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Sat Jun 17, 2017, 02:36 PM

NASA'S WILD FABRIC IS BASICALLY CHAIN MAIL FROM THE FUTURE

ELIZABETH STINSON
06.16.1712:00 PM
NASA'S WILD FABRIC IS BASICALLY CHAIN MAIL FROM THE FUTURE

https://media.wired.com/photos/593f06c38bccd5184d9afbd6/master/w_1718,c_limit/spaceFabric20170418b-TA.jpg
https://media.wired.com/photos/593f073c78ae4e10155a2d79/master/w_582,c_limit/Space-Fabric.gif

NASA/JPL-CALTECH
TRAVELING TO OUTER space is an exercise in efficiency. At $10,000 per pound onboard, it pays to keep things light. But space is also an incredibly complex environment, requiring tons of hefty equipment just to exit the atmosphere. To minimize the weight of its payload, NASA has experimented with inflatable materials that can balloon into habitats, and tangles of lightweight rods that can shift shape on different terrains. Now, designers at NASA’s Jet Propulsion Laboratory have developed a foldable fabric that could pull triple duty during outer space missions.

Researchers at JPL spent the last two years developing a metallic space fabric made of interlocking stainless steel squares. It looks like chain mail, but unlike the ancient armor, NASA’s fabric isn’t welded together. Instead a 3-D printer extrudes stainless steel as a continuous sheet of material with different properties on each side. From the front of the fabric, rows of shiny, flat squares can reflect heat and light. On the back, a series of interlocking loops help the fabric absorb heat. Together, the single piece of material acts like a super-strong shield, protecting astronauts and spacecrafts from outer orbit’s deadly obstacles.

The fabric isn’t special in its functionality, per se; NASA already employs materials on its spacecrafts to reflect heat, absorb heat, and protect from flying debris. But until now, NASA didn't have a single material that could do all three. “We wanted to see if a structure could do something beyond being a static piece of material,” says Raul Polit Casillas, a systems engineer at JPL who worked on the new fabric.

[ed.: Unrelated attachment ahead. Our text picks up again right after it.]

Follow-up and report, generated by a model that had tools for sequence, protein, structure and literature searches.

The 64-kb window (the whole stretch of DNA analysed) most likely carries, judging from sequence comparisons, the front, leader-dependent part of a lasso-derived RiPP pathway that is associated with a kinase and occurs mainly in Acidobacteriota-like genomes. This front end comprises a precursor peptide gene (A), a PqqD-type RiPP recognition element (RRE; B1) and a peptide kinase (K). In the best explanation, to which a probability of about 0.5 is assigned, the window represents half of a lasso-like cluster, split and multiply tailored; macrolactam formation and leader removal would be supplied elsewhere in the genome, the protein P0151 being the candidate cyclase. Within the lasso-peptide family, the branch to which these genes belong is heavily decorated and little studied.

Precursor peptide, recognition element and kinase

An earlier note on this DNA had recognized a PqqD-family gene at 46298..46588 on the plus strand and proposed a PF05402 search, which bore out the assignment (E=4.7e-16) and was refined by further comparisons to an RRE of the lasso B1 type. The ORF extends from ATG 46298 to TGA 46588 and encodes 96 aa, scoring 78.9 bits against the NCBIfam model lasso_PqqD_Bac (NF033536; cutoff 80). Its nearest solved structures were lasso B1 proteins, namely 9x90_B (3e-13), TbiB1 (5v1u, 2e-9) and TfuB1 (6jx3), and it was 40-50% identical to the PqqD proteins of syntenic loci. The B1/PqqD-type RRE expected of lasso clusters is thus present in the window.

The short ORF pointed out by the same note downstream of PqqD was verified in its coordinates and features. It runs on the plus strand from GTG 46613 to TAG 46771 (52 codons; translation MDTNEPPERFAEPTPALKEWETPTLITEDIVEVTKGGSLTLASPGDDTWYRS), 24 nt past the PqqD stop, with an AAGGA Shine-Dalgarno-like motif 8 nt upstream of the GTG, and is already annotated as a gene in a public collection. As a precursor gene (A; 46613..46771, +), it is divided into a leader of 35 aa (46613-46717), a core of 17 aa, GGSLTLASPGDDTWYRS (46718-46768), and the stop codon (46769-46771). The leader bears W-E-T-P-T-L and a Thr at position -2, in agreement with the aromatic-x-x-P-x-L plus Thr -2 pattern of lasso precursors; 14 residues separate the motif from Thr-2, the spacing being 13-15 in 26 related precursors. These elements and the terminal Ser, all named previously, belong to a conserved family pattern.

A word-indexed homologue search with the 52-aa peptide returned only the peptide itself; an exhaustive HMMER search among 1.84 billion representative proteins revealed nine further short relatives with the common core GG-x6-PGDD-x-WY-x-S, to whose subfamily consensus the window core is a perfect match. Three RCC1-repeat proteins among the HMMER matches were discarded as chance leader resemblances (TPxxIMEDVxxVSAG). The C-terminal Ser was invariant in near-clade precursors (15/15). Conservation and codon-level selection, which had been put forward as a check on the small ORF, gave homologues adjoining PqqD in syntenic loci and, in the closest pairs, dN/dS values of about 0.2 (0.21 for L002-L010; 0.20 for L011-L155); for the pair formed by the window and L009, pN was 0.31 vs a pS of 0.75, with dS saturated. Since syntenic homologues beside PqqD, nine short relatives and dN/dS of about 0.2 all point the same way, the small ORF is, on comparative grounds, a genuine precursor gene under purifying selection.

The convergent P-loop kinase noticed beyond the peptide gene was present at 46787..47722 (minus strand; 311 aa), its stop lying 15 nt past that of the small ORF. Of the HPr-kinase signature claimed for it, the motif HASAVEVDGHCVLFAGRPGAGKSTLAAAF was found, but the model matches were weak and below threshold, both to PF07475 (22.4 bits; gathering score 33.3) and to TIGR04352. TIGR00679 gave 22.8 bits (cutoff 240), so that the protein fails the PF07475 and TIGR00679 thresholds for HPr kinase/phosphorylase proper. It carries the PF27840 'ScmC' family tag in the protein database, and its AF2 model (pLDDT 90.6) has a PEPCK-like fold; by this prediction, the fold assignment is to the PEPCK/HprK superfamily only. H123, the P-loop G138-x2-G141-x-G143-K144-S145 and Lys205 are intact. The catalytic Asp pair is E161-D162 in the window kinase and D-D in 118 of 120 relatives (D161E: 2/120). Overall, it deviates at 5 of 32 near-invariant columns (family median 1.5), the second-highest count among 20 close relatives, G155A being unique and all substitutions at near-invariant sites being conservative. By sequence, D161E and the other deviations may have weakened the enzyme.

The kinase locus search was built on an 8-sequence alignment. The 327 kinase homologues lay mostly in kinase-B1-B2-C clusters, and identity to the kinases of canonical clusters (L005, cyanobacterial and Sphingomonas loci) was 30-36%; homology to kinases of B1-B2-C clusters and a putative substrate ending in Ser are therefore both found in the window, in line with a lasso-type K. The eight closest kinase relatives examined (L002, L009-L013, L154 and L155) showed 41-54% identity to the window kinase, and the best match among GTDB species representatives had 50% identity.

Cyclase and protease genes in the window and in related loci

NASA could bake multiple properties into the single material thanks to 4-D printing, a burgeoning manufacturing technique that uses a 3-D printer to layer multiple textures and geometries into a single design. MIT researcher Skylar Tibbits coined the phrase several years ago to show how a 4-D printed material could shape-shift or self-assemble. Using 4-D printing, for instance, engineers could program a piece of metal to unfold at a certain heat or design a plastic to expand or contract under certain environmental conditions. Or, in the case of NASA's space fabric, a fabric with flexible geometry that can both reflect and radiate heat.

Unlike sheets of metal, the chain mail can ...

https://www.wired.com/story/nasa-fabric-chain-mail-from-the-future/

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Reply NASA'S WILD FABRIC IS BASICALLY CHAIN MAIL FROM THE FUTURE (Original post)
kristopher Jun 2017 OP
procon Jun 2017 #1
kristopher Jun 2017 #2

Response to kristopher (Original post)

Sat Jun 17, 2017, 03:06 PM

1. Very cool! 3D printing is in its infancy and the range of possibilities is untapped. nt

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Response to procon (Reply #1)

Sat Jun 17, 2017, 03:54 PM

2. It's the first time I've heard of 4D printing.

The idea is intuitive and it needed a name.

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